HDAC inhibition may reverse anthracycline resistance in patients with sarcoma




In patients with advanced solid tumors, including sarcoma, the combination of panobinostat, a histone deacetylase (HDAC) inhibitor, and the anthracycline epirubicin demonstrated a correlation between neutropenia, peripheral blood mononucleocyte (PBMC) histone acetylation, and clinical benefit. Acquired topoisomerase resistance was reversed in 8 of 14 patients, suggesting HDAC inhibition reverses resistance.

In 37 evaluable patients, 4 (11%) had partial responses and 17 (46%) had stable disease. The median time to progression and median overall survival were 3.1 (95% CI, 1.8 to 4.6) months and 7.3 (5.9 to 10.3) months, respectively. All four patients with objective partial response had progressed on previous topoisomerase II inhibitors.

“The potential for prolonged treatment with an anthracycline in combination with an HDAC inhibitor speaks to the tolerability of this regimen. This study suggests that further investigation of HDAC inhibition in combination with DNA-damaging agents in defined advanced sarcoma subtypes to validate these preliminary findings is warranted,” wrote Dr. Scott Thomas of the Helen Diller Family Comprehensive Cancer Center, University of California, San Francisco, and colleagues (Ann Oncol. 2016 Feb 21. doi: 10.1093/annonc/mdw044).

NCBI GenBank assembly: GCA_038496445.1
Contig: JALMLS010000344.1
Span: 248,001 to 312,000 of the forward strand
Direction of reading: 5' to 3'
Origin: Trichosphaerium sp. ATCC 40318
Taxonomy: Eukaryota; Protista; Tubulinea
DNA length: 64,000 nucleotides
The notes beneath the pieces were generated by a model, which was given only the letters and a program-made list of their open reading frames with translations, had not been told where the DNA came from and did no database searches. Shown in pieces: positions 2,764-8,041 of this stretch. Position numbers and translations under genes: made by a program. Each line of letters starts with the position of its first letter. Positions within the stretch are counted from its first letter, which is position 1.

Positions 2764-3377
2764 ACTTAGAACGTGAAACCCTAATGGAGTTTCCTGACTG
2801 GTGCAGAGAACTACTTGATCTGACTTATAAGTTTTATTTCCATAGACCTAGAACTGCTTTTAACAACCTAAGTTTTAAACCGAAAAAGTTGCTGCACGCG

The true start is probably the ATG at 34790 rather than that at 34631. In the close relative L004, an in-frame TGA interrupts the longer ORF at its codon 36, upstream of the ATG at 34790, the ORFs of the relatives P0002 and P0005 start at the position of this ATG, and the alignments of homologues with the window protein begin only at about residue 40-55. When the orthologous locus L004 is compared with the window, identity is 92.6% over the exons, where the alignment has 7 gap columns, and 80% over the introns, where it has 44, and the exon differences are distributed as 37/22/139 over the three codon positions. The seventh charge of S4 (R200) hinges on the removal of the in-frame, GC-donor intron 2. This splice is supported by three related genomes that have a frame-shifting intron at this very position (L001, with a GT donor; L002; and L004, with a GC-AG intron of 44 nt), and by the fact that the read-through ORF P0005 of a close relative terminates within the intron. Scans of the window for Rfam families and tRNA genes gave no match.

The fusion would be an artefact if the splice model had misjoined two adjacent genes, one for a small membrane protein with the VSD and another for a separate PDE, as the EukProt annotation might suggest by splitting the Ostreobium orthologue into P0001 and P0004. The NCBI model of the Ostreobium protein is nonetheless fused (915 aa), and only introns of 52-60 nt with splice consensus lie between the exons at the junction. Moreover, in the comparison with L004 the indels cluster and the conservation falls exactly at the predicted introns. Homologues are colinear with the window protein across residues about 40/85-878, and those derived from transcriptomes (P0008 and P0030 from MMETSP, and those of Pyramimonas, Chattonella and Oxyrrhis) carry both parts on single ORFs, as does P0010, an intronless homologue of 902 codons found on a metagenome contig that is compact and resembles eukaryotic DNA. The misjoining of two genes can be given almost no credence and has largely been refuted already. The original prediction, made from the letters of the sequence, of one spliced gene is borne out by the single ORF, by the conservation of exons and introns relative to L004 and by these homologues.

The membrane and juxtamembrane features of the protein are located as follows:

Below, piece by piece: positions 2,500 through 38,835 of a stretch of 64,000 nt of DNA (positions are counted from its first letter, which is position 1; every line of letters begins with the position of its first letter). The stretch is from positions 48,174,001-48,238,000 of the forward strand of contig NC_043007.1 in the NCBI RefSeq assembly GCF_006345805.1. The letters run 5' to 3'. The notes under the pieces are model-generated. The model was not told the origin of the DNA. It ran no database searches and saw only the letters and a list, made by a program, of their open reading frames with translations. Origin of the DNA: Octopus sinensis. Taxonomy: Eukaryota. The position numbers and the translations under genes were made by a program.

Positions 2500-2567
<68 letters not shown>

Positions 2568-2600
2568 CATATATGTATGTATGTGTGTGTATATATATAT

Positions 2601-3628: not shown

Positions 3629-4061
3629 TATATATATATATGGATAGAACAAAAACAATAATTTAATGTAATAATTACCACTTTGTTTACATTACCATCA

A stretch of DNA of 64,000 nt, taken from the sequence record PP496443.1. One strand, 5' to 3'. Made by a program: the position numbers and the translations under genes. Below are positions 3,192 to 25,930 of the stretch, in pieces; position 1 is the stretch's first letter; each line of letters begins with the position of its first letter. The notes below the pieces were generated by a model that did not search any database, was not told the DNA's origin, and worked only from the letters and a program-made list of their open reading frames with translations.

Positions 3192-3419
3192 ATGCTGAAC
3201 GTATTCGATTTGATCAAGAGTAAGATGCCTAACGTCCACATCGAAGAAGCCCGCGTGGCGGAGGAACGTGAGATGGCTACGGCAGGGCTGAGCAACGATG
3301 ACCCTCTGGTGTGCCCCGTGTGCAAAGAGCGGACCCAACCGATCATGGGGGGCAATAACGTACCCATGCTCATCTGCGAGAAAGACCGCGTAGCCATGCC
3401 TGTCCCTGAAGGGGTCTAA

HDACs regulate protein acetylation, thereby modulating protein activity and gene expression. Preclinical studies showed that HDAC inhibitors potentiate DNA damaging activity of anthracyclines in various cancer types, including sarcoma.

The phase I trial enrolled patients with metastatic solid tumors in dose escalation cohorts, and 20 patients with advanced sarcoma in the dose expansion cohort at the maximum tolerated dose of 50 mg/day of panobinostat on days 1, 3, and 5, and 75 mg/m2 of epirubicin on day 5.

In total, 24 patients (60%) had at least one grade 3 or 4 adverse event, including neutropenia (45%), leukopenia (35%), lymphopenia (22.5%), thrombocytopenia (17.5%), anemia (15%), and febrile neutropenia (7.5%). Major nonhematologic toxicities of panobinostat were myelotoxicity, nausea/vomiting, and fatigue, which required dose modification in 26% of patients.

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